Does NCAA release shed light on Kanter?

December, 29, 2010
12/29/10
1:46
PM ET
The NCAA is tired of your insinuations.

That's the message at the heart of this release, which the NCAA published Wednesday. After widespread criticism of the Cam Newton decision, as well as the decision to suspend Ohio State football players from five games next season but not from this year's bowl game, the NCAA apparently felt the need to respond to the haters. It's a bit defensive, a bit doth-protest-too-much (and it's "further", not "farther," NCAA PR folks) but you can understand the frustration.

In any case, there's at least one interested hoops-related nugget wedged in there, a bit of information that could have a large effect on the way Kentucky forward Enes Kanter's eligibility case is eventually decided in the coming weeks. From the release:
While efforts are being championed by NCAA President Mark Emmert to further clarify and strengthen recruiting and amateurism rules when benefits or money are solicited (but not received), current NCAA rules would be violated and students declared ineligible should a parent or third party receive benefits or money, regardless of the student's knowledge.

Put simply, had Cam Newton's father or a third party actually received money or benefits for his recruitment, Cam Newton would have been declared ineligible regardless of his lack of knowledge.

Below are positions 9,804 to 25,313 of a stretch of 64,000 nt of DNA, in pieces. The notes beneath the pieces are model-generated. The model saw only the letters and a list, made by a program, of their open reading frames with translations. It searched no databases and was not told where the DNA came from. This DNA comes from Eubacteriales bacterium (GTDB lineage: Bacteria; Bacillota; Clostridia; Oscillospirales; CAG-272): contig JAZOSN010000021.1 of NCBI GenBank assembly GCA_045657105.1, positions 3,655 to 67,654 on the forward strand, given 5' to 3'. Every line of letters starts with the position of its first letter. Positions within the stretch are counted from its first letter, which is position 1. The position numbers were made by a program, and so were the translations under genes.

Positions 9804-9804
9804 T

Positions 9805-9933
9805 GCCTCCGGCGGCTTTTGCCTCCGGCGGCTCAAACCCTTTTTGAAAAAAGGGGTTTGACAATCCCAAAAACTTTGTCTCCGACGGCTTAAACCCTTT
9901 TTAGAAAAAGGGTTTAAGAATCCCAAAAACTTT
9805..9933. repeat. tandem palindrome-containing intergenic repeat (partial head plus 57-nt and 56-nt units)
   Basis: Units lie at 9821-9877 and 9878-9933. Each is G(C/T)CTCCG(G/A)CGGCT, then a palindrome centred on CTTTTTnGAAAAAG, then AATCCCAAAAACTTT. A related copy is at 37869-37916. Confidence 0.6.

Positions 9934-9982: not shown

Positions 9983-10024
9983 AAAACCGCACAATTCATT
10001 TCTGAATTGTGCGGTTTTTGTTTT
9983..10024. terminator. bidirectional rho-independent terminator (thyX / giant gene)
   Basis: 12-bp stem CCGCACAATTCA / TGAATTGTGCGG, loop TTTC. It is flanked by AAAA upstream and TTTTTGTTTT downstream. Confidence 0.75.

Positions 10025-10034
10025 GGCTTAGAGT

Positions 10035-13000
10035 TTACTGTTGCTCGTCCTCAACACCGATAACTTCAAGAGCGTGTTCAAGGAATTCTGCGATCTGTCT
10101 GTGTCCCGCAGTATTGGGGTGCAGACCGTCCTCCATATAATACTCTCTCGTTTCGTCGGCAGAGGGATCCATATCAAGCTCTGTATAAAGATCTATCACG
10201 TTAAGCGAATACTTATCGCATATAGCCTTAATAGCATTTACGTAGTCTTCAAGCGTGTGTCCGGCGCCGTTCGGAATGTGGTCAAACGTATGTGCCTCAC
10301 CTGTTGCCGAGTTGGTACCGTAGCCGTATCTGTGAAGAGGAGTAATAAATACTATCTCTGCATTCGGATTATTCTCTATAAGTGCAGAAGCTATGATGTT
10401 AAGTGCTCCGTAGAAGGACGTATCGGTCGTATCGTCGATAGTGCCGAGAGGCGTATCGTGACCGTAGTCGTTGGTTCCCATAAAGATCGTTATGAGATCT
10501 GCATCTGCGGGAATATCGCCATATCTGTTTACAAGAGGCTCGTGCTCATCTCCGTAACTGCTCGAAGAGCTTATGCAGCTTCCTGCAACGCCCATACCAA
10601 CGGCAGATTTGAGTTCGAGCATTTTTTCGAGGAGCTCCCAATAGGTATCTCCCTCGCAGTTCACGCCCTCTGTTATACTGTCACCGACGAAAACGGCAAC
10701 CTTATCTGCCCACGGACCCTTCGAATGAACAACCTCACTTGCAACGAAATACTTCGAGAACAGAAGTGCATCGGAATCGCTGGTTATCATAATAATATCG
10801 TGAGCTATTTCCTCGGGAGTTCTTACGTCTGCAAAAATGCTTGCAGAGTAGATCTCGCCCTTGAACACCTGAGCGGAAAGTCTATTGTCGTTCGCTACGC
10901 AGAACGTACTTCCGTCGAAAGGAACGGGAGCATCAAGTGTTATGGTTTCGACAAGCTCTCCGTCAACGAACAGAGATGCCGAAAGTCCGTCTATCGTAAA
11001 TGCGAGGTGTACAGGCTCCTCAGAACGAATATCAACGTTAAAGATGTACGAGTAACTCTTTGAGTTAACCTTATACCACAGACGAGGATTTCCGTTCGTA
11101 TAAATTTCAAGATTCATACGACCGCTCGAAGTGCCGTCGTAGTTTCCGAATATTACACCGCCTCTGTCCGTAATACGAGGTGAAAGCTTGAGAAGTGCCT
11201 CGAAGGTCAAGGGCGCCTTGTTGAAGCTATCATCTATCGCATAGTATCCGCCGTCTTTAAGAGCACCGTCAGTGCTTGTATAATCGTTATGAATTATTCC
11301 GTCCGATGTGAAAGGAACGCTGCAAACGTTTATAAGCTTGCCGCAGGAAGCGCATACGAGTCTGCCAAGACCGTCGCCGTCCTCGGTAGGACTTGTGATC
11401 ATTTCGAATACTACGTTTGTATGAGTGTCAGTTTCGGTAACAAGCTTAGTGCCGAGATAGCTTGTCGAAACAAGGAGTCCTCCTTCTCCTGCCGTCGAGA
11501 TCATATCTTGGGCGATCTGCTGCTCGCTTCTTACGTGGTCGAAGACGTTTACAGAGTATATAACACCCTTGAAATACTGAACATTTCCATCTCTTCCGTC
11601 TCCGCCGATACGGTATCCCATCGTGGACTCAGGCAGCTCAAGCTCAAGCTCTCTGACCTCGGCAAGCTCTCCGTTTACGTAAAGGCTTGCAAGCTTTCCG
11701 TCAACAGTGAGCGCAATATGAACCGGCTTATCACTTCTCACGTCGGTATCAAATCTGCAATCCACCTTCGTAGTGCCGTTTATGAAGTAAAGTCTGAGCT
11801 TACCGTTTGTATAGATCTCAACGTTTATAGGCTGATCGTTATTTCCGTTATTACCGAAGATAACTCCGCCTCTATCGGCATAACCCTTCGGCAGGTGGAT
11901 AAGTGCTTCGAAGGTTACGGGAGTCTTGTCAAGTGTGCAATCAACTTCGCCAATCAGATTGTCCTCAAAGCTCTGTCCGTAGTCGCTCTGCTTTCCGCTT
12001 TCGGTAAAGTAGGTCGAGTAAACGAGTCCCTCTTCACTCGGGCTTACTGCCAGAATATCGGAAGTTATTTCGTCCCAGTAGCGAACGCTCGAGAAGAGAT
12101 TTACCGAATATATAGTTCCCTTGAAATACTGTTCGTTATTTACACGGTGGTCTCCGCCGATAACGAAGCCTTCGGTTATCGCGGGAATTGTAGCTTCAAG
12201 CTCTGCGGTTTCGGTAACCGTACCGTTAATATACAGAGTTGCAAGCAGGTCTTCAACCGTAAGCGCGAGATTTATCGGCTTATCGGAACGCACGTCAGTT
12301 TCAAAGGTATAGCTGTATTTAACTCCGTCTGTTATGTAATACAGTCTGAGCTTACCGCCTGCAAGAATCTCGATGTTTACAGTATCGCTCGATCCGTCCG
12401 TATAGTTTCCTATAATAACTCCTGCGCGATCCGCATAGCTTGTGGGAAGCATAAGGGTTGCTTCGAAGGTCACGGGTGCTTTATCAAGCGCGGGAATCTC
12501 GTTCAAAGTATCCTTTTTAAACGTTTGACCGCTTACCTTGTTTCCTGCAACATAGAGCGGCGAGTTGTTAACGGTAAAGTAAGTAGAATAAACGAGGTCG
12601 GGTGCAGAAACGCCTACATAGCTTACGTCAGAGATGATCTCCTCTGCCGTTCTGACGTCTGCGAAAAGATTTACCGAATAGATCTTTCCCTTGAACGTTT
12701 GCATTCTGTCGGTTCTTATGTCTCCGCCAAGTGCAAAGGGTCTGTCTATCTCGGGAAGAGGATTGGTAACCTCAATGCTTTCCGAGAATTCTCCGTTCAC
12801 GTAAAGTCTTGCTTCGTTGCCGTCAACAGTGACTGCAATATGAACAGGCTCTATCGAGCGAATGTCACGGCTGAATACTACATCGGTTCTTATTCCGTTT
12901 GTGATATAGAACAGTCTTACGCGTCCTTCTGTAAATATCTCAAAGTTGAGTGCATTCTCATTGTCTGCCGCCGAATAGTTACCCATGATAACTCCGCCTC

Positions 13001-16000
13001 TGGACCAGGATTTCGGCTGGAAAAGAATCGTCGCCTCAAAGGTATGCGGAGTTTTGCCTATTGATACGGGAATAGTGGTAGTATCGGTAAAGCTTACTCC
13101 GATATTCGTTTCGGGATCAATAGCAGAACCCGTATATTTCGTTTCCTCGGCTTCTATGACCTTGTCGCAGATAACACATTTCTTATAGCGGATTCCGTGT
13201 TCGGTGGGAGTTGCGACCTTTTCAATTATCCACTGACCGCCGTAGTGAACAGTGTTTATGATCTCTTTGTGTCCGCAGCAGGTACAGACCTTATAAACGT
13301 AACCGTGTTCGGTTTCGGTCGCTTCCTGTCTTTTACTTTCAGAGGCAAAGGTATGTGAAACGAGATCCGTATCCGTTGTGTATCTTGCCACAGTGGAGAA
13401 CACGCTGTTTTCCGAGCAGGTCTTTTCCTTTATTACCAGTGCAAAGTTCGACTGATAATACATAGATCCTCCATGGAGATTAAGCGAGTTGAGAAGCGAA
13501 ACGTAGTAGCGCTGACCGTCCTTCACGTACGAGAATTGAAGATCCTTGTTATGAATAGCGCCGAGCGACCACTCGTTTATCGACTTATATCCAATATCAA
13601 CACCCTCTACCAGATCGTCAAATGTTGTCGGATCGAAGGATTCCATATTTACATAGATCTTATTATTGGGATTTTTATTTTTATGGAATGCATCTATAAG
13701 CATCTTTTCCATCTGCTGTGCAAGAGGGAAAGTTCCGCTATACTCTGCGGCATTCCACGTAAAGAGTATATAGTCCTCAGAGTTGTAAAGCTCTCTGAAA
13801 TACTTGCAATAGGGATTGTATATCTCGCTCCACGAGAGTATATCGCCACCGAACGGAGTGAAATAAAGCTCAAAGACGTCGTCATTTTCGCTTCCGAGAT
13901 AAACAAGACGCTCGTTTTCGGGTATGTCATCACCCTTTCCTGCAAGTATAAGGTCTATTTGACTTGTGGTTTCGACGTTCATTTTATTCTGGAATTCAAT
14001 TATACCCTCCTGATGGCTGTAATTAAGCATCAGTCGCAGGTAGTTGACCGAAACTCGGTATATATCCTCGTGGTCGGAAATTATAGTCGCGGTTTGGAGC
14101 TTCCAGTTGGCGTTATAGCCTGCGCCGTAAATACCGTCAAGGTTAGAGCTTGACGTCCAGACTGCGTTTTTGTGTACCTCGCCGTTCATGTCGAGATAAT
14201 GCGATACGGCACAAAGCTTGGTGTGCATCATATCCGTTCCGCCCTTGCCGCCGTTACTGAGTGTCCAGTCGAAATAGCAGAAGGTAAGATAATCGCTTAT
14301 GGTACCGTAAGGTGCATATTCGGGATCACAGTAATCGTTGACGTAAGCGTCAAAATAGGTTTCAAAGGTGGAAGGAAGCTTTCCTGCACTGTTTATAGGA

Why does this matter for Kentucky and Enes Kanter? Because UK's current case for Kanter's eligibility is based on the idea that Kanter is just like Newton: His parents may have been organizing and/or receiving benefits for their son's talent, but the son didn't know about it, and that makes it OK. That's the "new information" Kentucky presented to the NCAA to land a second hearing and a second chance at getting its all-important Turkish big man eligible.

With the quoted portion above, the NCAA seems to have squashed that notion, albeit indirectly. Kentucky, the Kanters and the NCAA have all agreed to the basic fact that Kanter did receive about $30,000 for his time with a club team in Turkey. Whether he knew about that monetary exchange or not doesn't seem to matter. All that matters, apparently, is whether money was exchanged at all.

In other words, Kanter's eligibility case isn't looking good. We'll have to wait until the NCAA finishes its hearing and releases its decision, of course, but the Cam Newton Loophole, in so far as it exists, no longer seems to apply.

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